Behavior Modification or Transformation?

ratm1Some comments at the School of Congregational Development highlight an incredibly important distinction.  “We’ve heard all this before.  The problem is putting it into practice.”  “You don’t have to talk me into thinking this is important, tell me ways to make it happen.”  “Doing this stuff is a lot harder than talking about this stuff.”  “What I hear today isn’t a vision, but a dream.  We are painting a lovely picture of what we wish the world — the church — could be.  But we haven’t honestly explored what it will take to turn it into a reality.”

Don’t hear this as a criticism — it is meant as a statement of where we are, but not where we want to be — and not where we are because we’re not good people doing good work.  I don’t feel there is much value in blaming or pointing fingers.  We have a system that pushes us to focus on short-term behaviors instead of fundamental change.  We promote behavior modification at the expense of transformation.  The distinction is one of superficial change over radical, or deep, change.  It is well to remember that our mission is not “making nominal believers of Jesus Christ for the behavior modification of the world.”

Let me illustrate with a few common examples from church life.

  1. Stewardship campaigns — 99% of all annual stewardship campaigns are designed to change short-term behaviors rather than institute long-term change.  Talking people into giving more money to the church is not the same as helping them adopt a generous lifestyle.  People can increase their giving, but not become any more generous; people who grow in generosity give more.  True transformation results in changed behaviors, but changed behaviors do not always result in transformation.  A church defined by the work of transformation cannot succeed by modifying behavior alone.  A step chart, a focus on tithing or proportional giving, filling out pledge cards, or designating a consecration Sunday can fund a budget, but it won’t unleash the giving/serving potential of a community of faith.  That requires seep, theological work over time — sometimes a lifetime.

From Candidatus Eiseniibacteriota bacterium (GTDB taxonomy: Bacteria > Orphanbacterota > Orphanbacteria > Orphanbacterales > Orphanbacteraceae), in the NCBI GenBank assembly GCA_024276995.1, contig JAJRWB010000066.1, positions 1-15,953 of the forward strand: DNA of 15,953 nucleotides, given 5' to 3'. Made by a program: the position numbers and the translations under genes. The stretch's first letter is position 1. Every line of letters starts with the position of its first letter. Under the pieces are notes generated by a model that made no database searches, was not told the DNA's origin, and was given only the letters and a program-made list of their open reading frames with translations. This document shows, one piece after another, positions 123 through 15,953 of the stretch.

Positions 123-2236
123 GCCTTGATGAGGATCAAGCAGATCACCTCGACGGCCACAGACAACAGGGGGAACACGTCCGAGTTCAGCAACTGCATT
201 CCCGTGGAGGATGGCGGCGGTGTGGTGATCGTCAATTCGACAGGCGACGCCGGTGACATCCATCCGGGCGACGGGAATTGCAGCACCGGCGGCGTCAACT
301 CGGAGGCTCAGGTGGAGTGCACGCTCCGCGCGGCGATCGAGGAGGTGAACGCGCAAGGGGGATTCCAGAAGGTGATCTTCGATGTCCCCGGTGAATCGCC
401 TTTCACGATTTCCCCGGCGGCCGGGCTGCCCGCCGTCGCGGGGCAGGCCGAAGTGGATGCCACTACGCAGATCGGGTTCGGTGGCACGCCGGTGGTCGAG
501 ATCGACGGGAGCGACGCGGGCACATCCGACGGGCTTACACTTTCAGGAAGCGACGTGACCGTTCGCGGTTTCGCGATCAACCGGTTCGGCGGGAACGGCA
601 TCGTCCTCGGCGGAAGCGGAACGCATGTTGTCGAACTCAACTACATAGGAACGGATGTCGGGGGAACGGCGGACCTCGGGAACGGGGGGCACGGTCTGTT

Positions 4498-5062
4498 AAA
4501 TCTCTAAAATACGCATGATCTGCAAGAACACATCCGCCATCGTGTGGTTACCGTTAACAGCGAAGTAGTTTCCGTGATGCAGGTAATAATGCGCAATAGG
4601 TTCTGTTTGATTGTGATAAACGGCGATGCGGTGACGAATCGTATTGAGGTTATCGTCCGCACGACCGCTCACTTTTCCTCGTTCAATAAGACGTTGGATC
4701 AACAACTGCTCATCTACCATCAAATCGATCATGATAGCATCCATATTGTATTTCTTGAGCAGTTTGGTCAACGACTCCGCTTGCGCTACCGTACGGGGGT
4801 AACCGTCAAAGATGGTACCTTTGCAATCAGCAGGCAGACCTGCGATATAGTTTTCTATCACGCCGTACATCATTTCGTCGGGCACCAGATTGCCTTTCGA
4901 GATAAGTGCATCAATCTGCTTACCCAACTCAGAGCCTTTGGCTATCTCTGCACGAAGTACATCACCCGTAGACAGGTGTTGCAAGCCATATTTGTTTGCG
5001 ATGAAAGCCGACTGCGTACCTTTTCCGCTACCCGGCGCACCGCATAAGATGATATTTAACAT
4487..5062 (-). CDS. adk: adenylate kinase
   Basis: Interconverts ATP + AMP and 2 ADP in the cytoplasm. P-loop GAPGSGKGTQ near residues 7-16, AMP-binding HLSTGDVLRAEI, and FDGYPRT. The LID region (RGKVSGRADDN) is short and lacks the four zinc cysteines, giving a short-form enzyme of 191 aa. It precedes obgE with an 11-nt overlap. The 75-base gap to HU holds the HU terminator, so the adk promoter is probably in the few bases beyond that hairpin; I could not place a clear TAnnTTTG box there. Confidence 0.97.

2. Using worship as an evangelism tool — during the 20th century, church sanctuary doors became the primary entry point for new members into the fellowship.  Historically, worship is fundamentally about God and provides an opportunity for the gathered fellowship in Christ to offer thanks, adoration, and praise.  More recently, the design of worship shifted to be more about us than God, and to be more for the novice than the disciple.  The transformative power of worship is reserved for newcomers to the faith.  Much about worship is designed to make people want to return to worship, not to deepen relationships with God and the fellowship.  Getting people to “attend” worship becomes the evaluative metric for assessing church health, instead of the multiple and varied opportunities to others serve in the name of Christ.  Worship is less our celebration of life together as Christian community and more a Venus flytrap to capture new members.
  3. Cross-cultural outreach and multicultural ministries — teaching people to be nice, to be friendly, to greet and meet, and to offer welcome is important, but it is essentially behavior modification.  We are welcoming “guests” not opening ourselves to receive new “family members.”  The best thing about guests is that they go home.  They may disrupt things briefly, but they don’t really change things.  Receive a new family member to live in the household and things will naturally and unequivocally change.  Welcoming people we easily relate to is often a large challenge.  What about welcoming those who are significantly different?  Everyone says they want to, but few do it gracefully or well.  The reason is that true hospitality has less to do with activities than attitudes.  And changing attitudes is about changing a culture — deep seated beliefs, opinions, prejudices, and practices.  This requires intensive reeducation and commitment.  You can’t learn how to do it in a workshop or seminar.  It is a long process — a true journey of faith for a community to walk together.  It is never enough to want to do it or to believe it is important.  It is always a case of working out our own salvation with fear and trembling.

There are NO shortcuts to transformation.  Tools of behavior modification may be helpful to the process of transformation, but they can never replace the hard, intensive, demanding practices that produce deep change.  There are no three-day retreats, no DVDs, no online courses that can teach all you need to know.  One reason for this is that context is so powerful.  What each individual congregation needs to do will be unique.  No one else has your answer.  No model exists that you can apply that will be a perfect fit for you.  This is another important learning:  we need principles, not models.  How to talk to people who are significantly different, overcoming fear and resistance, deep listening, moving outside the church walls — these things can be taught, but they are only tools.  Each unique congregation in each unique context must figure out the best ways to use the tools, and do the hard work of “tools training” in their own fellowship.